When I stayed in a charming Airbnb apartment just off the Ramblas in Barcelona, I shopped at the Mercado de la Boqueria, buying some delicious fish, meats and cheeses and created little tapas platters to enjoy with local wines. Once I had eaten at home, I would explore the bars and clubs in the area.


If you are staying in a hotel, opt for room only as the breakfast is often extortionate cost and disappointing (in my opinion, I am not a fan of hotel breakfasts). They can also be restrictive in terms of timing, serving breakfast ridiculously early - who wants to get up at 8am on holiday? Instead, venture out of the hotel and find a café where breakfast will be a fraction of the cost of the hotel breakfast.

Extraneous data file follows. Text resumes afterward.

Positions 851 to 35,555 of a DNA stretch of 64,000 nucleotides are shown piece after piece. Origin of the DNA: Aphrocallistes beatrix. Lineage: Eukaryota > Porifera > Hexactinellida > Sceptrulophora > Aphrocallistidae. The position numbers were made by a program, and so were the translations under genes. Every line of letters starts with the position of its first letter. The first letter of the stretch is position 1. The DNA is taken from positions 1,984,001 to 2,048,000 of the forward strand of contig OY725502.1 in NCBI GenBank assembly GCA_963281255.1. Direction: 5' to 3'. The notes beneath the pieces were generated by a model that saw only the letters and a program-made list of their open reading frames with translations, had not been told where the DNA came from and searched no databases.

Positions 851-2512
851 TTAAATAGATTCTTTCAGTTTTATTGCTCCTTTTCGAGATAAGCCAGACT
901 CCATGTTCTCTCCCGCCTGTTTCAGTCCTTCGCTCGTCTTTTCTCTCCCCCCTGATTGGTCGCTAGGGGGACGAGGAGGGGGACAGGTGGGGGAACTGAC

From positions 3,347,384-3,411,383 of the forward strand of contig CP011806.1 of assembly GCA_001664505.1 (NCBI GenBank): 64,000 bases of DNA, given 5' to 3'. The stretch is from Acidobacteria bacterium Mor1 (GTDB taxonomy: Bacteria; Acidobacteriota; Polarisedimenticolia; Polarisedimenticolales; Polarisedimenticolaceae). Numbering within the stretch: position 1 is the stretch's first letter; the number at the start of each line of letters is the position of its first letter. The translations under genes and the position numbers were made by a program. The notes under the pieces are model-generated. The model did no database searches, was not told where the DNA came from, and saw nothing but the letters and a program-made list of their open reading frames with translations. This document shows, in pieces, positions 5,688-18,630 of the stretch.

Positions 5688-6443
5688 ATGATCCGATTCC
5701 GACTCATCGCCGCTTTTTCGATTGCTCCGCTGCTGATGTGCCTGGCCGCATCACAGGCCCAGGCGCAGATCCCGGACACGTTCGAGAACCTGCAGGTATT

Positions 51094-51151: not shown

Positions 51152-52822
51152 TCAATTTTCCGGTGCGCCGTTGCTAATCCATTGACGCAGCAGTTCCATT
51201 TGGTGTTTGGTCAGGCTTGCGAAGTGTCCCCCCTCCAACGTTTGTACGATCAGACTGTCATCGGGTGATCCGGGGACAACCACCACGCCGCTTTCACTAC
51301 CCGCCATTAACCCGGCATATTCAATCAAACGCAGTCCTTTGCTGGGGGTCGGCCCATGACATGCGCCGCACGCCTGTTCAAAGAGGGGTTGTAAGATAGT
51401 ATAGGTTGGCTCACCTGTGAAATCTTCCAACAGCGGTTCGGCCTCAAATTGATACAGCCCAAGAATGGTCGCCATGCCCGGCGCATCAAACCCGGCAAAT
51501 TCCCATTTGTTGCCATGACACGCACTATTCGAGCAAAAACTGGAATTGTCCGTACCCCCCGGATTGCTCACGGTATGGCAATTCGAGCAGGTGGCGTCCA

If you are eating out, then my money-saving tip is to combine meals so you eat two rather than three meals in a day.  My usual routine is to get up late morning (10-11am) and rather than eat breakfast, I prefer to have a decent brunch, then treat myself to an ice cream or a cake during the afternoon to keep myself going before eating dinner in the evening.  


Drinking in Europe can be quite a lot cheaper than drinking in the UK - stick to local brews of beer and locally-made wines or spirits as they will be better value too. 


Also, you could buy a bottle of your favourite spirit in the duty free shop at the airport for drinking in your hotel room or apartment before you go out.


Money and spending


If I am going to Europe, I will set myself a daily amount to spend and only order the exact amount of currency.  Whilst away, each day, I put that amount of money into my purse, leaving the remainder in a room safe (if there is one) or locked safely in my suitcase. If I have money leftover from the previous day, that is a bonus. This way, I budget and spend accordingly.